On Location in Nepal, Part 2: Hit the Heights

*Note: This is Part 2 of a two-part blog post.

In our previous blog post, we shared some favorite moments from the Casana team’s video shoot on location in Kathmandu. But our fantastic Nepali voyage was far from over, and the next leg of our adventure would prove to be the most uplifting – literally!

Led by founder and Creative Director Carrie Chen, we journeyed deep into the Himalayan Mountains by helicopter. Our ultimate destination was Kobang, a remote community in Nepal’s Upper Mustang region (along the Tibetan border). The locals have built their homes in and around the foothills of the mountains, which makes for pretty great views. Here are our own special “highlights”:

Recognize this prominent peak? It’s Mt. Nilgiri, part of the world’s highest mountain range. And Carrie had a direct view of it from her window! Tourists are not allowed to climb Nilgiri, as it’s believed the mountain is holy, so this is the closest one can get to its grandeur.

In her own words, our fearless leader believes “Seeing the landscape from above is the only way to truly experience the beauty of Nepal. When I was in the helicopter, I was afraid to blink because every second the mountains, clouds, and landscape would change. It was absolutely breathtaking.”

These very pictures prove her right. Look at how different these two views of the same village are, taken while soaring over Kobang.

The Upper Mustang is historically one of the most preserved areas in the world. Formerly the Kingdom of Lo, a dependent territory of the Kingdom of Nepal, it was a restricted demilitarized zone until 1992 and has kept many traditions alive today that mix Tibetan and Nepali customs. Foreigners still need special permission to enter this region. If you travel there on foot, you can even use the same road that was a major trade route between Nepal and China in the 15th century. (Of course, nothing beats travel by chopper!)

And did you know we had a special guest along for the ride? The wonderful Asmi Shrestha, Miss Nepal of 2016 (she also competed in the Miss World pageant, placing in Beauty with a Purpose’s Top 5), was our Casana scarf model for the video shoot. You’ll see more of her in future posts. Immense thanks to our terrific crew, pictured below – we were blessed to have their hard work, dedication, and good cheer to make this project a success.

( From left to right: local production assistant Tsering Dorje, Asmi Shrestha, director Adri Berger, local guide Nobu San and his assistant, Casana founder Carrie Chen, and production photographer Yumiko Izu )

(From left to right: local production assistant Tsering Dorje, Asmi Shrestha, director Adri Berger, local guide Nobu San and his assistant, Casana founder Carrie Chen, and production photographer Yumiko Izu)

More info about this amazing trip will be coming in the next weeks, but now you have a good idea of why this beautiful country means so much to us. Not only is its land majestic, it carries a strong spiritual aura that connects to all the people and animals who live there. In Nepal, we are all truly one.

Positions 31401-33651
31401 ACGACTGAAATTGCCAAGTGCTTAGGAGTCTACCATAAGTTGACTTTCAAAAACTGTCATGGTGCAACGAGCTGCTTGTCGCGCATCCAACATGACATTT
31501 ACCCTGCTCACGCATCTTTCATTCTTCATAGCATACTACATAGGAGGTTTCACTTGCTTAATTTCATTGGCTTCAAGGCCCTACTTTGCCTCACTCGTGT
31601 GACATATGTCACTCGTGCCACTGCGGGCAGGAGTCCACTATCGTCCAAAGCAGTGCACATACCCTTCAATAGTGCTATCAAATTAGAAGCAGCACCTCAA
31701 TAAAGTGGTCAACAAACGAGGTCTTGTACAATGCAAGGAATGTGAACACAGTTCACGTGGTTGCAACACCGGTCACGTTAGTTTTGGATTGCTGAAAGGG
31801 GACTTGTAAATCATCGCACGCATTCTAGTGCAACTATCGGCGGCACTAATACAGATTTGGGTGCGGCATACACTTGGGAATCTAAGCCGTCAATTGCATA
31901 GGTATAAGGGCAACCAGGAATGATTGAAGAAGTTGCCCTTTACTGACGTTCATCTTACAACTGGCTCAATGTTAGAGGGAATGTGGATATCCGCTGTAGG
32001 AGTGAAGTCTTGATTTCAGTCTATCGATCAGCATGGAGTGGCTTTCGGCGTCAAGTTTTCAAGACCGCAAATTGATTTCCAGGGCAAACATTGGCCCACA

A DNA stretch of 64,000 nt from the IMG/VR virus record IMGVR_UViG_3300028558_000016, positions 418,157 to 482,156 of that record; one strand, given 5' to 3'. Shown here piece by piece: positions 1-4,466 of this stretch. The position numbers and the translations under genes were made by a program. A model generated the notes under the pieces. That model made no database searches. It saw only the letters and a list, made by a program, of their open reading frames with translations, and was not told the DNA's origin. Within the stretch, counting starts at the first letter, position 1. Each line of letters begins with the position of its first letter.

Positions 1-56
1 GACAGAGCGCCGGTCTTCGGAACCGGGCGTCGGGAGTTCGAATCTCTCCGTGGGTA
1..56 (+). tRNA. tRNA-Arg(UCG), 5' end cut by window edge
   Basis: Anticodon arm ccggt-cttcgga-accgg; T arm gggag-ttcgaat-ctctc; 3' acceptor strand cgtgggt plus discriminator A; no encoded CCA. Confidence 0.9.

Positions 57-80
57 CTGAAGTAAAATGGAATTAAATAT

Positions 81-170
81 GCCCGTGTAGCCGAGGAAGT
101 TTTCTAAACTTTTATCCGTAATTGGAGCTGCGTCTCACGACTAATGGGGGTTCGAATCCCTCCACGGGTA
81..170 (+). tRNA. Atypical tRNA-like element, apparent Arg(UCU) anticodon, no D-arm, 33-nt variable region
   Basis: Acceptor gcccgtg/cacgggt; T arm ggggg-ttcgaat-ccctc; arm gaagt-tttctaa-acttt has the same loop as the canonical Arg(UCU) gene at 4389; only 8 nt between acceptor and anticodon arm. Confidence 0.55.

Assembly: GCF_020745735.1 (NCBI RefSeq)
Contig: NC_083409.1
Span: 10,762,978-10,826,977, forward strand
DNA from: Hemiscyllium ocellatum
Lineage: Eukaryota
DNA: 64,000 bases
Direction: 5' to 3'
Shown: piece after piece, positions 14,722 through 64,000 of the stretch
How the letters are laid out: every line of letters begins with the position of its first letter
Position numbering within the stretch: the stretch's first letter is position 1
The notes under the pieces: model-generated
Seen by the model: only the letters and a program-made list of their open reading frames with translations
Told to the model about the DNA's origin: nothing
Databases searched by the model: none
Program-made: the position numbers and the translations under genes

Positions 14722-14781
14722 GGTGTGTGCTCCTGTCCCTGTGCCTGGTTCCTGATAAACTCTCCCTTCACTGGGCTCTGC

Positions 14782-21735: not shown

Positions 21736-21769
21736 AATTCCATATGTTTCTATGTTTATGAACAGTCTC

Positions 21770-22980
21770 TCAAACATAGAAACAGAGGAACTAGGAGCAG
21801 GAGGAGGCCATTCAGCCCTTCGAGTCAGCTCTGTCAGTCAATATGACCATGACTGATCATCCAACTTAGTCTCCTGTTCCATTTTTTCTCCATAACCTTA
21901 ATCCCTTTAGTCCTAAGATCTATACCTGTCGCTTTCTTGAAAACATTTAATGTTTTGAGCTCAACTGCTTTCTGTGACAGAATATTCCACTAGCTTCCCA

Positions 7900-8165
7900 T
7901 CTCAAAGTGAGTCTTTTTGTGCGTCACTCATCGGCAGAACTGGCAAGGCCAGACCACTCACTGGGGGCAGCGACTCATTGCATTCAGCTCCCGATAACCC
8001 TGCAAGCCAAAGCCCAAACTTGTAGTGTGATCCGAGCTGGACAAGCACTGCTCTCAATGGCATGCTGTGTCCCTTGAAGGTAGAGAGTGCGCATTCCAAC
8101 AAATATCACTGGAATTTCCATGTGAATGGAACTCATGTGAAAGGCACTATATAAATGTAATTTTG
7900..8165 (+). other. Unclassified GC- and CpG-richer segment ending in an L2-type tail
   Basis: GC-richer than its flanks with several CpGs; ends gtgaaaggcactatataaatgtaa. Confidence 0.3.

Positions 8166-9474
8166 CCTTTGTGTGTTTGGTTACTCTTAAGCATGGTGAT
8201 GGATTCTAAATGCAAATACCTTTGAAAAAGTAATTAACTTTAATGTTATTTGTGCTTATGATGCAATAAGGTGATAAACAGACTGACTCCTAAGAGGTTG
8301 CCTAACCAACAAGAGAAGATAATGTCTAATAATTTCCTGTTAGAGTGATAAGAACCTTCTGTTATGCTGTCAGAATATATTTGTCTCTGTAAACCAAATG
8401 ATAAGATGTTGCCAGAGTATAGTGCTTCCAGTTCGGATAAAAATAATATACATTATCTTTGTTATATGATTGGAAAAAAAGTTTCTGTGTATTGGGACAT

On Location in Nepal, Part 1: We Kathmandu!

*Note: This is Part 1 of a two-part blog post.

As we say here at Casana, fashion is about caring and sharing. Sometimes part of that sharing is taking old traditions and making them new (like we love to do with our handwoven scarves). So to get some style inspiration for our latest collections, we headed “home” to Nepal, where our cashmere is harvested and manufactured. We shot some cool videos on our adventure – which we’ll be sharing soon – but for now, here are some of the greatest moments from the trip!

Our group’s first stop: the big city of Kathmandu. Nepal’s capital is the cultural center of the nation, home to more people than any other metropolis in the Himalayan region. During the first day’s location scouting, we visited the historic Swayambhunath temple. Nicknamed “Monkey Temple” for the hundreds of monkeys that reside in and around the structure, Swayambhunath is actually one of the most sacred Buddhist pilgrimage sites in the world. So peaceful and majestic, it’s been named a UNESCO World Heritage Site.

See that dome-shaped structure rising above the rest of the temple? It’s called a stupa, and signifies a building designated as a Buddhist shrine. Stupas are popular in Nepali architecture, as we found out on our trip.

The monkeys living at Swayambhunath are believed to be holy, according to a legend that says they grew from the head lice of the Manjusree Bodhisattva (the embodiment of Buddhist wisdom). But one simian acted a little more like Curious George when we arrived. This fun-loving fellow stole our group’s flowers, hoping to eat them. He was disappointed when they didn’t taste as good as they looked.

After getting up-close-and-personal with Kathmandu’s wildlife, we took off on a modern magic carpet ride. For the second part of location shooting, we were heading high into the mountainous villages nestled around the Tibetan border. The best way to get there? By helicopter!

Flying over Kathmandu, we got a gorgeous overhead view of Boudhanath, the city’s largest stupa and the building that dominates its skyline. The aptly-named Great Stupa is ancient, dating back to the 500s C.E., and its history contains many myths tying it directly to Buddha. Fallout from the April 2015 earthquake badly damaged the temple’s original structure, and the reconstruction process has fitted Boudhanath with a new central pole or “life tree” at the top of the dome. Like Swayambhunath, Boudhanath has also been designated a UNESCO World Heritage Site.

Kathmandu was incredible, but what mysteries would the Himalayan peaks reveal to the Casana team? Find out in our next blog post!